Archive for April, 2012

ESD closes shop. What’s next in store for embedded programming?

Sunday, April 29th, 2012 Miro Samek

The demise of the ESD Magazine marks the end of an era. In his recent post “Trends in Embedded Software Design“, the magazine insider Michael Barr commemorates this occasion by looking back at the early days and offering a look ahead at the new emerging trends. As we all enjoy predictions, I’d also like to add a couple of my own thoughts about the current status and the future developments in embedded systems programming.


It’s never been better to be an embedded software engineer!

When I joined the embedded field in the mid 1990s, I thought that I was late to the party. The really cool stuff, such as programming in C, C++, or Ada (as opposed to assembly), RTOS, RMA, or even modeling (remember ROOM?) have been already invented and applied to programming embedded systems. The Embedded Systems Programming magazine brought every month invaluable, relevant articles that advanced the art and taught the whole generation. But then, right around the time of the first Internet boom, something happened that slowed down the progress. The universities and colleges stopped teaching C in favor of Java and, the numbers of graduates with skills necessary to write embedded code dropped sharply, at least in the U.S. In 2005 the Embedded Systems Programming magazine has been renamed to Embedded Systems Design (ESD), and lost its focus on embedded software. After this transition, I’ve noticed that the ESD articles became far less relevant to my software work.

All this is ironic, because at the same time embedded software grew to be more important than ever. The whole society is already completely dependent on embedded software and looks to embedded systems for solutions to the toughest problems of our time: environment protection, energy production and delivery, transportation, and healthcare. With the Moore’s law marching unstoppably into its fifth decade, even hardware design starts looking more like software development. There is no doubt in my mind: the golden time of embedded systems programming is right now. The skyrocketing demand for embedded software, on one hand, and diminished supply of qualified embedded developers on the other hand, creates a perfect storm. It simply has never been better to be an embedded software engineer! And I don’t see this changing in the foreseeable future.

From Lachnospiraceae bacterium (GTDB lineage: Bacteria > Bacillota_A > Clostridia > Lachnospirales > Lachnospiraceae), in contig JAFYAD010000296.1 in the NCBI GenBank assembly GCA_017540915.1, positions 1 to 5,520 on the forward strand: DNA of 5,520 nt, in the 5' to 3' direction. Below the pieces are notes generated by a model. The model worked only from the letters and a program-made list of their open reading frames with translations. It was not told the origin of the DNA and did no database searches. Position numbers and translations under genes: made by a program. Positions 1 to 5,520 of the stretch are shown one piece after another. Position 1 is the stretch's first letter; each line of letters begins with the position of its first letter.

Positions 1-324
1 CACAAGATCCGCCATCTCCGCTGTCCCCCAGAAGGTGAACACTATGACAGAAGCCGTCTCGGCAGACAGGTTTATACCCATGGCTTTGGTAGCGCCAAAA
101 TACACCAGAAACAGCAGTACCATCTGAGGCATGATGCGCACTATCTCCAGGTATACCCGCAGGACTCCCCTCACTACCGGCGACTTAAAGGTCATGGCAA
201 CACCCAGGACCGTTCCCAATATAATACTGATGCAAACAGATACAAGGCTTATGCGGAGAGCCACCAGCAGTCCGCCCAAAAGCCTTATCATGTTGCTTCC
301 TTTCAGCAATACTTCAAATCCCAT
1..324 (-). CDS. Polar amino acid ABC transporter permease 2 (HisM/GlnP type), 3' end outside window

Future trends

Speaking about the future, it’s obvious that we need to develop more embedded code with less people in less time. The only way to achieve this is to increase programmer’s productivity. And the only know way to boost productivity is to increase the level of abstraction either by working with higher-level concepts or by building code from higher-level components (code reuse).

Trend 1: Real-time embedded frameworks

My first prediction is that embedded applications will increasingly be based on specialized real-time embedded frameworks, which will increasingly augment and eventually displace the traditional RTOSes.

The software development for the desktop, the web, or mobile devices has already moved to frameworks (.NET, Qt, Ruby on Rails, Android, Akka, etc.), far beyond the raw APIs of the underlying OSes. In contrast, the dominating approach in the embedded space is still based directly on the venerable RTOS (or the “superloop” at the lowest end). The main difference is that when you use an RTOS you write the main body of the application (such as the thread routines for all your tasks) and you call the RTOS services (e.g., a semaphore, or a time delay). When you use a framework, you reuse the main body and write the code that it calls. In other words, the control resides in the framework, not in your code, so the control is inverted compared to an application based on an RTOS.